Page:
Discussing her new book, Sarah shares her beginners tips for growing your own flower cutting garden…
It’s no secret that a beautiful bunch of flowers can instantly brighten your home and create an uplifting sense of wellbeing. Even more so, when they have been hand-plucked from your own flower patch. Guiding us through her experiences with growing her own in her new book ‘Cutting Garden Journal,’ Sarah Raven documents her expert advice, from sowing seeds to arranging your seasonal displays.
Month by month, Sarah’s journal discusses the wide range of plants that are perfect for growing your own blooms. Jam-packed with top notch-advice and bespoke planting plans, we especially love her monthly to-do projects. Taking time out of her busy schedule at her farm in East Sussex, we caught up with Sarah to chat about the wonderful journey of embarking on your own flower cut patch…
- Growing cut flowers is one of the most rewarding things you can do. It’s very easy to fill your house with flowers from a small space if you grow the right plants. Choose annual plants which are cut-and-come-again, then you can then pick a couple of bunches on say a Friday – to make the house lovely for the weekend – and all the flowers will have grown back to pick again by the following week. It’s an ever-filling cup and the perfect sort of gardening for any optimist.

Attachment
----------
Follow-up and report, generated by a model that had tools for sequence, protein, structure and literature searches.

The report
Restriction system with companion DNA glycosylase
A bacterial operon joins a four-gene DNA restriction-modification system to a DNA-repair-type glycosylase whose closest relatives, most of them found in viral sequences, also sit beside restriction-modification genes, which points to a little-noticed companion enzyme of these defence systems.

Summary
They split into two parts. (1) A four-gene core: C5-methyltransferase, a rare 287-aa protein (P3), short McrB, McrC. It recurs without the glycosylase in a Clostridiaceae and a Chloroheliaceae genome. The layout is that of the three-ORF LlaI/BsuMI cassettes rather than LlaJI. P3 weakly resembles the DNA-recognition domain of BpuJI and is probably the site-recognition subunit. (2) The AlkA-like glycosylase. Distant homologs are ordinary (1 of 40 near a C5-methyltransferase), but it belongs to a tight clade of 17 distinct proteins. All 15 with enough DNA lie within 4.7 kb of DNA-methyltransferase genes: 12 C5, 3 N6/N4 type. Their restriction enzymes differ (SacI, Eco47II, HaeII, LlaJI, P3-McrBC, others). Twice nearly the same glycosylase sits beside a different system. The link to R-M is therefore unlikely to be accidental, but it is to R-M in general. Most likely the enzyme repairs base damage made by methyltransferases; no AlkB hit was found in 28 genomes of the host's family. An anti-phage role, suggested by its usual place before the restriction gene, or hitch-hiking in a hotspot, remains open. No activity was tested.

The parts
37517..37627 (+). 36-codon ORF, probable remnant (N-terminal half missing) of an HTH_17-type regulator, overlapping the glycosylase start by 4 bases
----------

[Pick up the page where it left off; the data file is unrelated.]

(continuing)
- The patch needs to be in a sunny spot – in a soil with good drainage – or it could be in a series of pots on a window ledge or door step. Select plants with very long flowering seasons – such as Cosmos ‘Purity’, the sunflower ‘Vanilla Ice’, or the beautiful pincushion plant, Scabiosa atropurpurea and remember to grow foliage plants too, so you can make beautiful mixed arrangements. I love Euphorbia oblongata cerinthe (or honeywort) and the sage, Salvia viridis ‘Blue’.
- When you’re picking flowers, follow this order and everything will last as long as it can – first pick, then condition by searing the stem ends in boiling water for 15 seconds, then store the flowers in deep water overnight, cool and dark, before you arrange them for scattering round your house. Put a drop of bleach or clear vinegar in the water and the flowers will last as long as they can.
My favourite style of instant arrangement is in narrow necked bottles, just one or three heads in each, contrasting the colour of the vase to the colour of the flower. You can have just one as a central point, or even nicer, go for a line of five or seven in a line or a circle in the middle of your dining table. Then you can have flowers as part of your inside as well as outside life for at least nine months of the year!
Feeling inspired? Why not brush up on your flower growing techniques with the launch of Sarah’s new book ‘Cutting Garden Journal’? On sale from the 4th of September and published by Francis Lincoln, take advantage of our exclusive free postage and packaging offer on the book by visiting sarahraven.com or call 0845 092 0283 quote offer code SRLAUR.
Offer valid until 30th September 2014, offer cannot be used in conjunction with any other discount and previous purchases are not valid.
To display your blooms, browse the Laura Ashley range of vases here.